Up-Down Milwaukee Is Arcade Heaven
Brady St. bar has 60 vintage arcade games, 59 beers on tap, great views and loud vibe.
A new stand-alone Milwaukee tavern building? That’s rare. In 1900 breweries built new taverns by the dozens throughout the city, many of which are still in business, as readers of this column know. Sure, many new hotels, restaurants, mixed-used buildings and clubs have opened in the intervening century-plus. But few new purpose-built saloons have been constructed since the onset of Prohibition 99 years ago.
So welcome to Up-Down Milwaukee, 615 E. Brady St., a newly built “arcade bar.” It is the fourth outlet of an Iowa-based chain, joining the flagship bar in Des Moines (2013), and others in Minneapolis (2016) and Kansas City Missouri (2015).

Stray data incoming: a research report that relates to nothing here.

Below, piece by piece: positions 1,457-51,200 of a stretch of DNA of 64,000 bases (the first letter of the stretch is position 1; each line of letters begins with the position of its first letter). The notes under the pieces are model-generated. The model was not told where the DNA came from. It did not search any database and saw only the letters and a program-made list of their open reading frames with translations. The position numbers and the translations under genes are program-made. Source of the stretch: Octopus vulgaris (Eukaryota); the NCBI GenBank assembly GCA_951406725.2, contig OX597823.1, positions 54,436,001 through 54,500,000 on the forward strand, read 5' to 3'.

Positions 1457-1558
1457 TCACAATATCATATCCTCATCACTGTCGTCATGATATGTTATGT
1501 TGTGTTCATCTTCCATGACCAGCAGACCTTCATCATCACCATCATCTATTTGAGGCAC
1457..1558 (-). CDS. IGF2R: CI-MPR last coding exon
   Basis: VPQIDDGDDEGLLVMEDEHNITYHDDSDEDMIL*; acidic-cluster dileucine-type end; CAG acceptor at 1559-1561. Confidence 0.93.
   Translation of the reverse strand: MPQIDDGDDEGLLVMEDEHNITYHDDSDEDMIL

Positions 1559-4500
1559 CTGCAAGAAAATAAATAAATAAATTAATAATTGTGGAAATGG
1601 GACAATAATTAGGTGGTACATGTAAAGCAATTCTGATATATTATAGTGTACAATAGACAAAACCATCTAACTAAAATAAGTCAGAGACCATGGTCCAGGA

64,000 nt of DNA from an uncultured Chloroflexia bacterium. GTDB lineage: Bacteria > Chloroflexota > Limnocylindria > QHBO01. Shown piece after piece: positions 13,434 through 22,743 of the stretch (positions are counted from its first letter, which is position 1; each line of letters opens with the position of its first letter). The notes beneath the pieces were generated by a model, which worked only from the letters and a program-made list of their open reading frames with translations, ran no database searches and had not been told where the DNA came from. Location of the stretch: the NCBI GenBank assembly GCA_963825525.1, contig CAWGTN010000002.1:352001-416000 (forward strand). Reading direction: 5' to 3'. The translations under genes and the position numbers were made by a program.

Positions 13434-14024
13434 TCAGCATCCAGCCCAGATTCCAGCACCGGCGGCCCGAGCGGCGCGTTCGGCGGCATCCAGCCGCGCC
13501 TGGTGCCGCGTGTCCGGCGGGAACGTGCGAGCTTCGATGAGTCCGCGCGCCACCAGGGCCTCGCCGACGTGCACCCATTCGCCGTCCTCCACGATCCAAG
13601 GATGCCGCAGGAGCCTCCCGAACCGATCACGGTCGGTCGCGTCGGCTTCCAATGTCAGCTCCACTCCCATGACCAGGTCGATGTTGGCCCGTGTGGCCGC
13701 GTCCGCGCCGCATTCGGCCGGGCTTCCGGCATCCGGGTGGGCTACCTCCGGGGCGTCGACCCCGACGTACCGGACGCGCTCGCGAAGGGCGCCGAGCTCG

The two-story building has two floors of outdoor decks, a rotating selection of more than 60 arcade games from the 1980s and 1990s, three skee-ball alleys and a Nintendo 64 gaming console. The tavern is designed to appeal to a younger demographic for whom such late-20th century pastimes evoke a sense of nostalgia. Missing is a pool table, that staple of Milwaukee taverns. A pool table generates much less revenue than an old video game and takes up much more space.
On Site of Former Comedy Club
The new building was built on the site of the former Comedy Cafe, which itself was a converted gas station located at the very western end of E. Brady St. The site, which is sloped, and at a complicated intersection, was mostly vacant land as late as 1910, with only a tiny office building on the site, which could possibly have served as the office and lot of a coal dealer, fruit peddler, rag merchant or similar tradesperson. [See “Intersection: Water and Brady is a Mess,” Urban Milwaukee, January, 2017.]